When God predestines a soul for a mission, he certainly adorns it with all the gifts necessary for it to be able to carry it out. And after that of Mary, Mother of the Incarnate Word, what function surpassed or equaled that of Joseph, the adoptive father of Christ and the Spouse of his Mother?
Comparing him therefore to Mary, it was rightly said that, after her, no creature was so close to the Incarnate Word and that consequently, no one ever possessed sanctifying grace in the same degree.
Leo XIII in his encyclical “Quamquam pluries” echoes this opinion. “Certainly,” he writes, “the dignity of Mother of God is so high, that nothing can be created above her. However, since Joseph was united with the marital bond to the Blessed Virgin, there is no doubt that he came closer than any other to that supreme dignity by which the Mother of God surpasses all creatures in such a high degree.”
For having carried in his arms the One who is the very heart and soul of the Church, he was considered greater than St. Peter, on whom Jesus had declared that he wanted to build it.
For having lived thirty years in the intimacy of Christ and in the continuous meditation of the spectacle of his life, his greatness was esteemed superior to that of St. Paul who had received the revelation of the sublime mysteries.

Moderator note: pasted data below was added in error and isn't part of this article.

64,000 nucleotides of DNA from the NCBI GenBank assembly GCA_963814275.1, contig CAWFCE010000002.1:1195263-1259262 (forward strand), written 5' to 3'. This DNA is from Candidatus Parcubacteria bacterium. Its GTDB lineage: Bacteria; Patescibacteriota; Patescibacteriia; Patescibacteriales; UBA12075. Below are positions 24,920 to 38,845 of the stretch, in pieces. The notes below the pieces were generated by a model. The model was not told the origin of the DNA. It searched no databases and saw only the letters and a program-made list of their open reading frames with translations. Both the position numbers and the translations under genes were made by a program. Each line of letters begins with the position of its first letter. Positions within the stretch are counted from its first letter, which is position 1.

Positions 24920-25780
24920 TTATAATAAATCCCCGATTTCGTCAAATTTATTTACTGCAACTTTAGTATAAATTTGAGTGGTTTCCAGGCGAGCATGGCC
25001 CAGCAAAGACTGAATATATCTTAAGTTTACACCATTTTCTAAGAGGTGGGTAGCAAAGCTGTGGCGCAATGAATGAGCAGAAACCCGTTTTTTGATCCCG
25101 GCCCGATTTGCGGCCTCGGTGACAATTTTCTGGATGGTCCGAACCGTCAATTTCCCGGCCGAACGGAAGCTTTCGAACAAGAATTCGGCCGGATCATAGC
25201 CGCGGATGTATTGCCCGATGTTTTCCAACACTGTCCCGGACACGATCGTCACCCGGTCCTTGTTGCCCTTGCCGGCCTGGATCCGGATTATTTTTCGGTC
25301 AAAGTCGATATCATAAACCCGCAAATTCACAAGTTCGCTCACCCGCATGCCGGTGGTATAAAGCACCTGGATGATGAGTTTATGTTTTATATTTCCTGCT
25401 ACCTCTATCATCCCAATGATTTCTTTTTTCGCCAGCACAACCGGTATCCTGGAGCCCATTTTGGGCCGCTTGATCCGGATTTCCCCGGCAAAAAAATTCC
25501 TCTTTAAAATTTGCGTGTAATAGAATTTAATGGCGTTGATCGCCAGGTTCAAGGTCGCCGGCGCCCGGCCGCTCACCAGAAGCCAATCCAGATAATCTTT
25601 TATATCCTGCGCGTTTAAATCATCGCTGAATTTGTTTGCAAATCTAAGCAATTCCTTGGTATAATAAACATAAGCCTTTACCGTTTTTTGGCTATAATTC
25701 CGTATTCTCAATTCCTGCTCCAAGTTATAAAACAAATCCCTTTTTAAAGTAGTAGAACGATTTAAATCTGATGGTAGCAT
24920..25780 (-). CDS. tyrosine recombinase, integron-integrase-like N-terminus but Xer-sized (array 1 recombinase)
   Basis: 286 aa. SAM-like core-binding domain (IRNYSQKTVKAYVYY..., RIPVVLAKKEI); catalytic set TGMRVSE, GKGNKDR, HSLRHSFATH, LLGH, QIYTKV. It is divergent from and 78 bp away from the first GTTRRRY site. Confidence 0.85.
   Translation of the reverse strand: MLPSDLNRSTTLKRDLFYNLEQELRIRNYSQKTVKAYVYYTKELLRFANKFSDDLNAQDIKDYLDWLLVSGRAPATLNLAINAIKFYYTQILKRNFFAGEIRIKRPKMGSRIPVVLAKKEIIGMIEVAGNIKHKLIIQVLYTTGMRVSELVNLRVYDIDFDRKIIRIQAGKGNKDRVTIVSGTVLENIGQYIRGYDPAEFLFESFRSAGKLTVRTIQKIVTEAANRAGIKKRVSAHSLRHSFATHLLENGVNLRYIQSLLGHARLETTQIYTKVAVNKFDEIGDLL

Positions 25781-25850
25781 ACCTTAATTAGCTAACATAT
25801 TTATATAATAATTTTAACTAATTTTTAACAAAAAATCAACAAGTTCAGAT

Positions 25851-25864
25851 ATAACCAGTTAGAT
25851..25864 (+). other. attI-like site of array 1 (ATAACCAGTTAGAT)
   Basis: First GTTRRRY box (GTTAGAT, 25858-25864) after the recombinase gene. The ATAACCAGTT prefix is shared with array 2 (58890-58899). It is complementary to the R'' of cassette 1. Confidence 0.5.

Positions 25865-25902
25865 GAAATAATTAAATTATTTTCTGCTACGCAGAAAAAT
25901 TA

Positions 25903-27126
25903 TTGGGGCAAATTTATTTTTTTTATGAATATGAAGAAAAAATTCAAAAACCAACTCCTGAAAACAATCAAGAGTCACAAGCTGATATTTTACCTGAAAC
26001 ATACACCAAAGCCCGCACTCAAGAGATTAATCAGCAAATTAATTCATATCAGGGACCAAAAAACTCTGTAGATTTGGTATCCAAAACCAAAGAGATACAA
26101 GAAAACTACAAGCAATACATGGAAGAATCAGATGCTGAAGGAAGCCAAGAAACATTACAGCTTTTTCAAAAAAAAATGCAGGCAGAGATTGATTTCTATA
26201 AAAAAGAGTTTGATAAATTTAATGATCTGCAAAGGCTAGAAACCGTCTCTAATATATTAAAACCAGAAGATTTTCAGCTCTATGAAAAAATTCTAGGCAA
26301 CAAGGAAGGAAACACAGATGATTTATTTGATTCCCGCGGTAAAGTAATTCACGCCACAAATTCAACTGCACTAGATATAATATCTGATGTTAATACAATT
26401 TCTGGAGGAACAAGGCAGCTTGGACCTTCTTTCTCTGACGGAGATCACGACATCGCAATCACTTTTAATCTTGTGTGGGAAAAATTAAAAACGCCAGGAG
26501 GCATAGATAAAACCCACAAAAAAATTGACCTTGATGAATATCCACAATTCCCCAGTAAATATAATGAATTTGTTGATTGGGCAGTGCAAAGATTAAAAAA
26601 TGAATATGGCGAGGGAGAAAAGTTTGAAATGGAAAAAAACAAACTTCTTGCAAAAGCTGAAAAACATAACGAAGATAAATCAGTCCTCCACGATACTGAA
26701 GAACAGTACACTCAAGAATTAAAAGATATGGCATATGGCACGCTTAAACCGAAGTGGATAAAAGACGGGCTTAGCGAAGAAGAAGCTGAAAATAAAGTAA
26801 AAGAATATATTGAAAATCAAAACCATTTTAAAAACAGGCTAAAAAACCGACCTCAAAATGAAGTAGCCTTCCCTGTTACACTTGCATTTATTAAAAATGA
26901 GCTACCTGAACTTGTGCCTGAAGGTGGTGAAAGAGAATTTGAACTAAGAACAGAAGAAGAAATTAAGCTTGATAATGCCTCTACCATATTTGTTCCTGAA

He was esteemed even greater than St. John the Evangelist who had the privilege of resting his head only once on the Savior’s chest, while he had often heard the beating of his small heart.
He was greater than the Apostles who propagated only the adorable name of Jesus, the name that Joseph instead imposed on him for mission.
The attempt to place Joseph above St. John the Baptist seemed more difficult by the words of Christ, “In truth, I tell you that among those born of women no one greater than John the Baptist has appeared.” The difficulty that was smoothed out by rightly saying that Jesus, in pronouncing those words, wanted to establish a comparison with the prophets of the Old Testament who had announced the future Christ, while John the Baptist announced him in the present. We can add that the words of Jesus were intended to compare the greatness of John the Baptist, the greatest prophet of the Old Testament, with the new greatness conferred on an elect with the appeal to the kingdom of heaven, of that kingdom of which the Church on earth, represented the first phase; for this he adds: “Qui minor est in Regno coelorum major est illo”. Which can be translated as, “Whatever the greatness of John the Baptist, who closes the Old Testament, it disappears before the least of Christians”.